What the Yankees should honestly expect from Matt Holliday
Jul 17, 2016; St. Louis, MO, USA; St. Louis Cardinals left fielder Matt Holliday (7) hits a solo home run off of Miami Marlins starting pitcher Adam Conley (not pictured) during the second inning at Busch Stadium. The Marlins won 6-3. Mandatory Credit: Jeff Curry-USA TODAY Sports

With many questions as to what Yankees’ designated hitter Matt Holliday could offer, he could have a notable impact if he could stay off the DL. 

When the Yankees inked Matt Holliday to a one-year, $13 million deal, not many people knew what to think of the signing.

On one hand, general manager Brian Cashman signed a batting champ from 10 years ago to be their designated hitter. It’s also safe to say that he’s well past his prime (.246 BA in ’16 compared to .303 career BA).

Then, on the other hand, Holliday, even at age 36, can still change the complexity of a lineup that already features Gary Sanchez and Greg Bird.

Yes, I know. His slash line (.246/.322/.461) and OPS (.782) in 2016 was the lowest of his 13-year career, but, in a season in which he experienced a fractured thumb that required surgery, his magnificent power was still evident.

First off, Holliday crushed 20 home runs in 110 games — a 29 home run pace.

While that’s impressive in itself, his average exit velocity, according to MLB.com’s Stat Castsat at 95.26 m.p.h. with the league average sitting at 89.57. His generated velocity also trumped league average by 6.26.

Secondly, and arguably the most importantly, his batting average on balls in play drop of 82 points a year ago insinuates that Holliday, who’s a career .291 hitter at Yankee Stadium, was simply unlucky especially when considering his line drive rate increased and exit velocity was way above league average.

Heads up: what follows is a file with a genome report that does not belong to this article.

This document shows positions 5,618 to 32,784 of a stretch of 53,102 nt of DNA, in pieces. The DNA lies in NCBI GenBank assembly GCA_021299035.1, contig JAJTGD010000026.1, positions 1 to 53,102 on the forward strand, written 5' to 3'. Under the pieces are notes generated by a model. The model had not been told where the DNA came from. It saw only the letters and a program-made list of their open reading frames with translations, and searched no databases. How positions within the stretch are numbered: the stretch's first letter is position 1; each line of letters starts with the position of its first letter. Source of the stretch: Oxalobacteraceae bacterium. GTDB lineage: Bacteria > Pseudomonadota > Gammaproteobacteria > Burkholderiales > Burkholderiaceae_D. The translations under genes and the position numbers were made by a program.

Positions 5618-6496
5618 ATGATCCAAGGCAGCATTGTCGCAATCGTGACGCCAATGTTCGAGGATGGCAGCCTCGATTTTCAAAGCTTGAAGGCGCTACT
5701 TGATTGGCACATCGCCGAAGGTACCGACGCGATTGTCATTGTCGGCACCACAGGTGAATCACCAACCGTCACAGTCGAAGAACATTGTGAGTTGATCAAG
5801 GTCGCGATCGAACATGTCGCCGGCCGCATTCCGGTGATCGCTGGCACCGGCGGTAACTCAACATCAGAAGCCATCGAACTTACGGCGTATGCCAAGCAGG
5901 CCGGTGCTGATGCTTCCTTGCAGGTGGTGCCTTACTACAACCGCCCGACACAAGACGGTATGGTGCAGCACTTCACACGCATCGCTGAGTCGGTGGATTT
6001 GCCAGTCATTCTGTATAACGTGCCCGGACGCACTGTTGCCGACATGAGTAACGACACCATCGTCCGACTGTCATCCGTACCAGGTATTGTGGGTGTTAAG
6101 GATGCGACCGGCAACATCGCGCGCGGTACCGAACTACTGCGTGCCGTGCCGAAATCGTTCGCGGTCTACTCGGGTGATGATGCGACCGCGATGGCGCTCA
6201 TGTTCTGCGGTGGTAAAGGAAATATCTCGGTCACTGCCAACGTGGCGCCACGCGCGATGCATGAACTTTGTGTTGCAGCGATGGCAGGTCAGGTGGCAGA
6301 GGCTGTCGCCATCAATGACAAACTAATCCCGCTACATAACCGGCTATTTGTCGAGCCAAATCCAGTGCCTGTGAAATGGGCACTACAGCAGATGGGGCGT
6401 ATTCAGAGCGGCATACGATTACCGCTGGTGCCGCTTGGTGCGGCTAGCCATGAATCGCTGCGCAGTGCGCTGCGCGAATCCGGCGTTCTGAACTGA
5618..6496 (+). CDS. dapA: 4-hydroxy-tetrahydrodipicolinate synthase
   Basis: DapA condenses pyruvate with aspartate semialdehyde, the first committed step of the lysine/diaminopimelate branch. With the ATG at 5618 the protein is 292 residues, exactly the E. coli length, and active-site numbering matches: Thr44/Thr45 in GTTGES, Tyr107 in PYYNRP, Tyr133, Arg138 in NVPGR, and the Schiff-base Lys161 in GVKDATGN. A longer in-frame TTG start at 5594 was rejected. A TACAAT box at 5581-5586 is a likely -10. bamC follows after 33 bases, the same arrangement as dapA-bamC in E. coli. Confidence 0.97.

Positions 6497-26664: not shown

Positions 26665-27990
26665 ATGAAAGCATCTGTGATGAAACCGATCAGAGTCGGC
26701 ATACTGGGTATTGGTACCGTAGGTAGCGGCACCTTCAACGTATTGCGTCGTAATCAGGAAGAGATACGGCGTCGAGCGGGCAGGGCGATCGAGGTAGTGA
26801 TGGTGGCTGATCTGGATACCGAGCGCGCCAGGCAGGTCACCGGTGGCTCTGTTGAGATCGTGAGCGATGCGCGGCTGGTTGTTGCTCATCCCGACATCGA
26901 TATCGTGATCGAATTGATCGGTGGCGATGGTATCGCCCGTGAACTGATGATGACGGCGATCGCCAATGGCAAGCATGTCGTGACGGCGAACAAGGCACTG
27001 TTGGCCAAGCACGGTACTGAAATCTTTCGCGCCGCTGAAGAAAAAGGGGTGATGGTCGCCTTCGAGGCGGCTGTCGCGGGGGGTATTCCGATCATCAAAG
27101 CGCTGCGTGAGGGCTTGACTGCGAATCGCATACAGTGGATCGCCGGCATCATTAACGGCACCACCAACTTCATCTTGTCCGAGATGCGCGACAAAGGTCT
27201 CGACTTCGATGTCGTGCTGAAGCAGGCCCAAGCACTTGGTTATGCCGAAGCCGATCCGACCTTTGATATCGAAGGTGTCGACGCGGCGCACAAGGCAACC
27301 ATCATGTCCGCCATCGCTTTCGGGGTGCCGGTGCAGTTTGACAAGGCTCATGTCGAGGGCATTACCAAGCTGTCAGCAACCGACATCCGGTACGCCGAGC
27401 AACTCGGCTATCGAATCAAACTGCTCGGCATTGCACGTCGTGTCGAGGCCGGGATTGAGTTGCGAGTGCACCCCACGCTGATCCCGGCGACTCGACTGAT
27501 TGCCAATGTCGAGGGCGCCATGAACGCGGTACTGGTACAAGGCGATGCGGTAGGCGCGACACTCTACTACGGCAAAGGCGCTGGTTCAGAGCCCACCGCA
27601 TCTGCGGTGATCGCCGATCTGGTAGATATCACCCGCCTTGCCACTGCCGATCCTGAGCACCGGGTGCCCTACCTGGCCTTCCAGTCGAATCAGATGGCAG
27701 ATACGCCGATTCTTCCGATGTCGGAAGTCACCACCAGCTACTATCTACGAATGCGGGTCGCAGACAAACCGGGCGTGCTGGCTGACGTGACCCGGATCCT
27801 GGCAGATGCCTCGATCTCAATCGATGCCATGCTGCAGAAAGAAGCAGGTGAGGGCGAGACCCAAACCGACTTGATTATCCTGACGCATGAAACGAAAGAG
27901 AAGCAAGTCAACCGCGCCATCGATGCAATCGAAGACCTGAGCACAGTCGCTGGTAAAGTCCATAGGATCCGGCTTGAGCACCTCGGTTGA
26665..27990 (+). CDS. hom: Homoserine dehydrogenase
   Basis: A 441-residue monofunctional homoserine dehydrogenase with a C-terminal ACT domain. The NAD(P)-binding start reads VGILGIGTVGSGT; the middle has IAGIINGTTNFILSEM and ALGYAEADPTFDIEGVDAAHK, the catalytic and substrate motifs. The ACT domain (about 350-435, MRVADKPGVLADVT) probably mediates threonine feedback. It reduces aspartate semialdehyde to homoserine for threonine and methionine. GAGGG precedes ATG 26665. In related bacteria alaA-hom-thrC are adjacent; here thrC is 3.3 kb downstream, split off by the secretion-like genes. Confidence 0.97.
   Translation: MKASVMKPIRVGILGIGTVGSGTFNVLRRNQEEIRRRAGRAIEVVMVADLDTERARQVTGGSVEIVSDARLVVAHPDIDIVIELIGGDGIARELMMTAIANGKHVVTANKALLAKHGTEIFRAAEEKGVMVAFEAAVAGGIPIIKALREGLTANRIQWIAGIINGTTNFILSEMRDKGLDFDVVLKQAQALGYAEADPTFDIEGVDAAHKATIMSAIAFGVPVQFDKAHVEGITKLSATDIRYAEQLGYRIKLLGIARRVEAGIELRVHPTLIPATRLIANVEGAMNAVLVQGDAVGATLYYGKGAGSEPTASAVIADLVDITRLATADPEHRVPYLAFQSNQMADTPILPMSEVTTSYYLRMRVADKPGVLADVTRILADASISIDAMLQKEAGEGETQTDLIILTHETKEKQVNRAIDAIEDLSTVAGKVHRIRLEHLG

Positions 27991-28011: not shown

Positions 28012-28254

Why is this good news for New York? Well, while the rotation was suspect over the course of 162 games, the offense wasn’t any better.

In three of the last four years, the Yankees have not had anyone in their lineup hit 30 home runs and it serves as no coincidence that these teams are the only Yankees to miss postseason play in the 21st century.

The last player to hit 40 home runs in a year was Curtis Granderson in 2012 while the last right-handed batter to do so was Alex Rodriguez in 2007.

No, I’m not putting any money on Holliday hitting 40 home runs, but the team’s overall slugging percentage (.405) ranked 21st in major league baseball in 2016 — 56 points lower than Holliday’s “down year.”

With that said, a healthy Holliday could make the 2017 season feel like a holiday for the New York Yankees.

On opening day, he’ll be 37 and coming off a year in which he fractured his thumb, had surgery and multiple setbacks before returning to play.

While that unquestionably waves some red flags, Holliday, whos career .897 on-base plus slugging percentage ranks ninth among active players, doesn’t hinder the youth movement with his short commitment and could still have a tremendous say in the power outage that the “Bronx Bummers” have encountered recently.

We’ve preached leadership before, and the influence of a former batting champion could do wonders for a team in year two of a rebuild craving nothing but growth.